Parents With Children On The Autism Spectrum

Autism Tantrum vs Meltdown – Aggression May Apply

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Why Is This Important To Know?

This is a tough topic to discuss because NO mother wants to say, ” I have no idea what to do!” or ” I am the WORST mom ever!”. Although let’s face it, when your child starts wailing, while kicking their feet in the middle of a crowded department store and you are all alone, these words can be heard with such clarity, it is almost scary! And If you are like me, you would probably have two or more kids with you and the feeling of anxiety kind of doubles for me because I have to try to console one while making sure my other son is fine… or I would have two very strong-minded boys having an emotional moment at the same time. SO not ideal!

At these times the only thing stopping my own tears is the very babies who do NOT understand WHY this behavior is unacceptable, especially with no way to express them otherwise. Some people would assume it is the whispered words of others or the judgmental stares that make an unbearable situation so much more painful but it is not. It is the uncontrollable feeling that we can DO better, even though we are ding everything we can. We, the parents, seem to have such great patience that when they snap, we seem to feel not that far behind.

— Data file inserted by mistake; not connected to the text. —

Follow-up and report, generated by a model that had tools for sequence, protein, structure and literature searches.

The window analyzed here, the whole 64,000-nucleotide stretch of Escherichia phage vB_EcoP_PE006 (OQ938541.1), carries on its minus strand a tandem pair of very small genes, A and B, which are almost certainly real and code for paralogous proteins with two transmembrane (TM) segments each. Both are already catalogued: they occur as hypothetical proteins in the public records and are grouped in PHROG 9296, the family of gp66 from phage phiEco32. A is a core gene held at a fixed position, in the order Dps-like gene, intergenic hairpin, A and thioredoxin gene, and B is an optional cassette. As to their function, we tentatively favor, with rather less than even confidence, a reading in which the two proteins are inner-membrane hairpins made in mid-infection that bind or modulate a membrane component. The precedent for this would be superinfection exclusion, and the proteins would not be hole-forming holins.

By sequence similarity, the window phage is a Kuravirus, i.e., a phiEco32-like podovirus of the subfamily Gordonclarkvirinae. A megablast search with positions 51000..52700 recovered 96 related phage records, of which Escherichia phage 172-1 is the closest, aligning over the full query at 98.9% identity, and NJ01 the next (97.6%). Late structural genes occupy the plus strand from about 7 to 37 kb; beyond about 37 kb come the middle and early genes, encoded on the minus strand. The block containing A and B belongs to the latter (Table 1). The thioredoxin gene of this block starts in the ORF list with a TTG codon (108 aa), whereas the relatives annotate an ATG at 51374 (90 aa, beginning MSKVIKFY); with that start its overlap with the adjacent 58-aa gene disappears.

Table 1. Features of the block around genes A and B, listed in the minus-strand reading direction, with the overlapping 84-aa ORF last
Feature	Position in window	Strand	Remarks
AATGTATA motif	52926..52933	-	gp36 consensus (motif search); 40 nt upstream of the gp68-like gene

Upon researching tantrums with children on the autism spectrum, I have discovered the difference between a tantrum and a meltdown, and why aggression can show in both! In this article Autism Tantrum vs. Meltdown – Aggression may apply, we can come to an understanding of the two and also come up with some tips on how to help our children during such an overwhelming time.

Let’s learn TOGETHER!!

Differences between Temper Tantrums And Meltdowns

Temper Tantrums in children with autism spectrum disorder (ASD) may be triggered with a variety of reasons. Children with ASD have difficulties communicating wants, needs, and emotion in socially acceptable ways. This can make them act out when they are confused, anxious, afraid, or stressed out about something. It can also be a method for getting what she or he wants.

More specifically, a temper tantrum happens when:

*Frustrated when not getting what he or she wants

*not able to do what he or she wants

*not able to communicate intention properly

The child may respond and calm down when:

*being comforted by a parent, caregiver, or someone close

*Being ignored and giving up on their own

*being given what it is they want(although this is most definitely not recommended)

Young children throwing temper tantrums are aware and are in control of their actions and therefore can adjust the levels based on the parents or caregivers response.